Fancy winning yourself an access key to the Dragon Age: Legends closed beta? Well listen up. TheSixthAxis has two codes to give away to our readers, one of which will be posted here tonight at 8PM, and the other at 10PM. Note that a Facebook account is required to play Dragon Age: Legends, and once the code has been activated, it would be much appreciated if our winners let us know in the comments section below. Good luck.
Dragon Age: Legends, the successor to 2009’s Dragon Age Journeys, is a turn-based RPG set in BioWare’s grim fantasy universe, soon to be available publicly via social networking platform Facebook. This isn’t the first time a big name in the gaming realm has received the social-app treatment; last year Ubisoft developed Assassin’s Creed: Project Legacy, a unique resource-based sim, and though its primary function was to promote 2010 Game of the Year runner-up Assassin’s Creed: Brotherhood, it has actually captured an audience of its own and has continued to expand.
[boxout] In DA: Legends, players create their own warrior, rogue, or mage, embarking on a standalone adventure through the blighted fictional land of Ferelden. The game is presented as a single path dotted with checkpoints which the player has to travel between. Each checkpoint has its own instance, usually being item discoveries or small skirmishes; a number of these are chained together to form quests which offer additional items and gold upon completion.Though the ever-winding path does branch off on occasion, the game feels incredibly linear; however, Dragon Age: Legends is intended for five-minute bursts of play, so the design actually suits it perfectly.
Triggering an instance will use up energy points, and once they have all been spent, players will have to wait in real-time for them to recharge, each point usually taking four to five minutes. It works in a similar fashion to the ally and craft mechanics which also feature in Dragon Age: Legends. When players aren’t in battle or scavenging for loot, they can return to their castle; a compound of workshops and other facilities which can be upgraded and used to produce items such as health and mana boosts.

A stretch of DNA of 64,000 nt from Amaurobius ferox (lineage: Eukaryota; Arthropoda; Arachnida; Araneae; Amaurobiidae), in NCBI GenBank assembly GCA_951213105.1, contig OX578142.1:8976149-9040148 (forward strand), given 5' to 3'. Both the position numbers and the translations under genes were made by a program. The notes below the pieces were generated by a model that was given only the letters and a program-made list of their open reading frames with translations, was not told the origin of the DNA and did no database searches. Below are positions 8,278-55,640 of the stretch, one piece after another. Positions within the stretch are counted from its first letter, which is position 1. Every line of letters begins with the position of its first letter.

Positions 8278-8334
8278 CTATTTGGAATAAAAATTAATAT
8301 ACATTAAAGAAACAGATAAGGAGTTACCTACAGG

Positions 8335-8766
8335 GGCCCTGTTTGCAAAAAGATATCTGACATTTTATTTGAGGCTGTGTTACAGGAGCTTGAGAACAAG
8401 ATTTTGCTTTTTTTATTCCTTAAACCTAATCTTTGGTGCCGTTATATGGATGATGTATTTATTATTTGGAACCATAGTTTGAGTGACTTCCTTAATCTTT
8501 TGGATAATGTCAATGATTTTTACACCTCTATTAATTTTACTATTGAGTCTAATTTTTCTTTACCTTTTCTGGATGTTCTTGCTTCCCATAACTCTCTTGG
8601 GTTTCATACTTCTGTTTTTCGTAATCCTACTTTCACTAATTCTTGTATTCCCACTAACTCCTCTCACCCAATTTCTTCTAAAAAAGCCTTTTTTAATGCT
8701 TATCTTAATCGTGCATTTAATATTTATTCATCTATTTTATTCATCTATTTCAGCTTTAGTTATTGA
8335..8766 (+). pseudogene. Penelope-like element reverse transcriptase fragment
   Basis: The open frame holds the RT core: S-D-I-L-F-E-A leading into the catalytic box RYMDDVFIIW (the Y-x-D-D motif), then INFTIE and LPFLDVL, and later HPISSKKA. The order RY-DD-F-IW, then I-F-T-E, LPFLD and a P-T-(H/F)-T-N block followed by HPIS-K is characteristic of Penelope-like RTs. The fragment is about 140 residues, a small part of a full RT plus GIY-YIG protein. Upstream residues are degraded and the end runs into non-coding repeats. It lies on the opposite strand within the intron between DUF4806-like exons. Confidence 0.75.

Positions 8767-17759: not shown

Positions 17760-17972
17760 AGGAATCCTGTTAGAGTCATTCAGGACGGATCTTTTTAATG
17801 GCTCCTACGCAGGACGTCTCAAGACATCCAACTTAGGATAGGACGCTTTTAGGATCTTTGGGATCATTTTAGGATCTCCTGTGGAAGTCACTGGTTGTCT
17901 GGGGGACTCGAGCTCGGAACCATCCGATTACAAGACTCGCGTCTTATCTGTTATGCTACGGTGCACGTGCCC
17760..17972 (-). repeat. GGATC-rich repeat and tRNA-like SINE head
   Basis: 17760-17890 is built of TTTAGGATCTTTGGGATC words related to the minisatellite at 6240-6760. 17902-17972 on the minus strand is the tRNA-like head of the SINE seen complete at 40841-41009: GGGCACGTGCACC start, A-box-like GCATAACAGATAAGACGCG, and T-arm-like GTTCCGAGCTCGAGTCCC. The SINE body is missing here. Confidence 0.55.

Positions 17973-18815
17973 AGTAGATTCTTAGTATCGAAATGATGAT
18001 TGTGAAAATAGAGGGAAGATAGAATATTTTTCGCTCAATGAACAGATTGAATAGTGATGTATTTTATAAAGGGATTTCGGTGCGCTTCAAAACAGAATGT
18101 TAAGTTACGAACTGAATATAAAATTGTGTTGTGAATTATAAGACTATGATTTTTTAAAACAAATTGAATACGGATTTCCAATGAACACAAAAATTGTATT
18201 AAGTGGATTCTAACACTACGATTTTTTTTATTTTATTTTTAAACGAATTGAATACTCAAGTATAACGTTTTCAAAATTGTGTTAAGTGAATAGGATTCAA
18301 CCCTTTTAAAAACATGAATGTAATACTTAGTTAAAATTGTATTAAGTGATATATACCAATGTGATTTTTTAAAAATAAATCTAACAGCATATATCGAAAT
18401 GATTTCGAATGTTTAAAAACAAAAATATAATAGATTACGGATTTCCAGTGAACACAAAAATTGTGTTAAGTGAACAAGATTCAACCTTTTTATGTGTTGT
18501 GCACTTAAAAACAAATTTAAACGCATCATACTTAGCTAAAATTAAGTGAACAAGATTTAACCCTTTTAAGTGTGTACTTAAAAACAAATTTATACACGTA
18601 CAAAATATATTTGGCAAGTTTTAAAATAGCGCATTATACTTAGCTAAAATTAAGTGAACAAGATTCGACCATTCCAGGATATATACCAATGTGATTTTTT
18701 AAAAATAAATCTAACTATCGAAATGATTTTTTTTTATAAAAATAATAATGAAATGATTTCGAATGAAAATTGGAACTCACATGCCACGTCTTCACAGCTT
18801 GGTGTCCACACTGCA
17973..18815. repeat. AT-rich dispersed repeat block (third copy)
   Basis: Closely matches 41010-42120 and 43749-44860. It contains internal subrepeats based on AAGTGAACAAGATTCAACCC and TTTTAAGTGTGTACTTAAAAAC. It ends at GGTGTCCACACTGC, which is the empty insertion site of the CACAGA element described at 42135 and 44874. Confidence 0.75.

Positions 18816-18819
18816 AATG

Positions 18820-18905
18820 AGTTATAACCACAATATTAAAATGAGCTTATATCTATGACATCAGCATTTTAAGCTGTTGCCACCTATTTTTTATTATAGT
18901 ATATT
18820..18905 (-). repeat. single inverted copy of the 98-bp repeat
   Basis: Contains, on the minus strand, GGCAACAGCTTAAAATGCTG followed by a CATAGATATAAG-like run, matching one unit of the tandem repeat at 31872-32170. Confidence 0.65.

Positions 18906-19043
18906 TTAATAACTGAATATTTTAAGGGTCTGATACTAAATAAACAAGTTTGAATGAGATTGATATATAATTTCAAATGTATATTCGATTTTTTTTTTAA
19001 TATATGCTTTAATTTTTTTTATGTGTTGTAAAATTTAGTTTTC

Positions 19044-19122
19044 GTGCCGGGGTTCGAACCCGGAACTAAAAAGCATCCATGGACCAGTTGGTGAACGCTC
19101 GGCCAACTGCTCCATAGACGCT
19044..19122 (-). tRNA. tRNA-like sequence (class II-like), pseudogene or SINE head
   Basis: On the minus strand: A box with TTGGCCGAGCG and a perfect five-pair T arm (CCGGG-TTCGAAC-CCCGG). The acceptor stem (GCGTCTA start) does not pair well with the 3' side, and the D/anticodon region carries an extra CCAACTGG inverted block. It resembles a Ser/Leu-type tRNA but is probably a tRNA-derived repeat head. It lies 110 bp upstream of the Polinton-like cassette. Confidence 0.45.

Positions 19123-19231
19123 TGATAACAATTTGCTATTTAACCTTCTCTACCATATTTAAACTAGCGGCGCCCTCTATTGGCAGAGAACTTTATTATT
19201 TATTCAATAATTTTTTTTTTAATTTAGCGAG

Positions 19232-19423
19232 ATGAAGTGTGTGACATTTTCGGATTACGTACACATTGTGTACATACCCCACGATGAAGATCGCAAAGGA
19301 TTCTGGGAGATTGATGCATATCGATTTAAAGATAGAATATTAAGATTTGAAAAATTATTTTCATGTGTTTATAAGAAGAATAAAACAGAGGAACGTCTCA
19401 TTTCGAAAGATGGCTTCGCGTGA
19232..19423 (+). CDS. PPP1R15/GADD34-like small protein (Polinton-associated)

As mentioned before, combat in Dragon Age: Legends follows a turn-based schematic which most gamers will be familiar with. Before battles commence, you have the option to summon one of several supporting characters, which is recommended, especially when fighting multiple waves of enemies. Once the fight has been concluded however, your companions will tire out, prompting you to wait a couple of hours before marching back into the heat of combat.
An initiative bar is always displayed at the bottom centre of the screen, clearly outlining when each combatant gets their turn. The player assumes direct control of all party members and when active, they can decide to either attack, defend or use an ability/item. When it’s the players turn, highlighting either an enemy or ally with the mouse will make a wheel appear around them, depicting which actions are available and what the result of that action will be. Battles are usually staged in two or three continuous tiers, so keeping an eye on your party’s health and mana will need to become second nature. If the main character dies in combat, you are warped out of the instance, and have the chance to play again, though the energy cost will not have been returned and allies who fought alongside you will be exhausted.
As you progress through Legend so will your character, and after massing experience and gold, you can afford to buy luxury equipment and expand your castle. Levelling up also unlocks new abilities which can be used in battle, and there are plenty to choose from, making combat increasingly diverse, and ultimately more engaging.
One issue that will occur frequently is EA’s shoehorning of premium content. Aside from having a stock of gold coins, there is also a separate currency called Crowns which can be used for a variety of beneficial perks (such as reduced waiting times) but there is a catch. 200 Crowns, which is just enough to buy you a pretty level 9 weapon, will set you back five dollars, 900 Crowns being priced at twenty.
After the first ten-minute hurdle, Dragon Age: Legends folds out into brilliant game, ideal for Facebook fanatics who have a few moments to spare each day to kick some Darkspawn hides. The combat is simplistic, yet offering enough depth for RPG veterans, and the crafting/management mechanics are brilliantly implemented. However, EA’s attempt to pocket some cash from Dragon Age: Legends damages the overall experience, feeling more like a hindrance instead of legitimate luxury access.
With Dragon Age being such a hardcore gaming title, especially among the PC crowd, bringing the franchise to a social platform will be an interesting experiment, and hopefully the game will continue to grow over the coming months.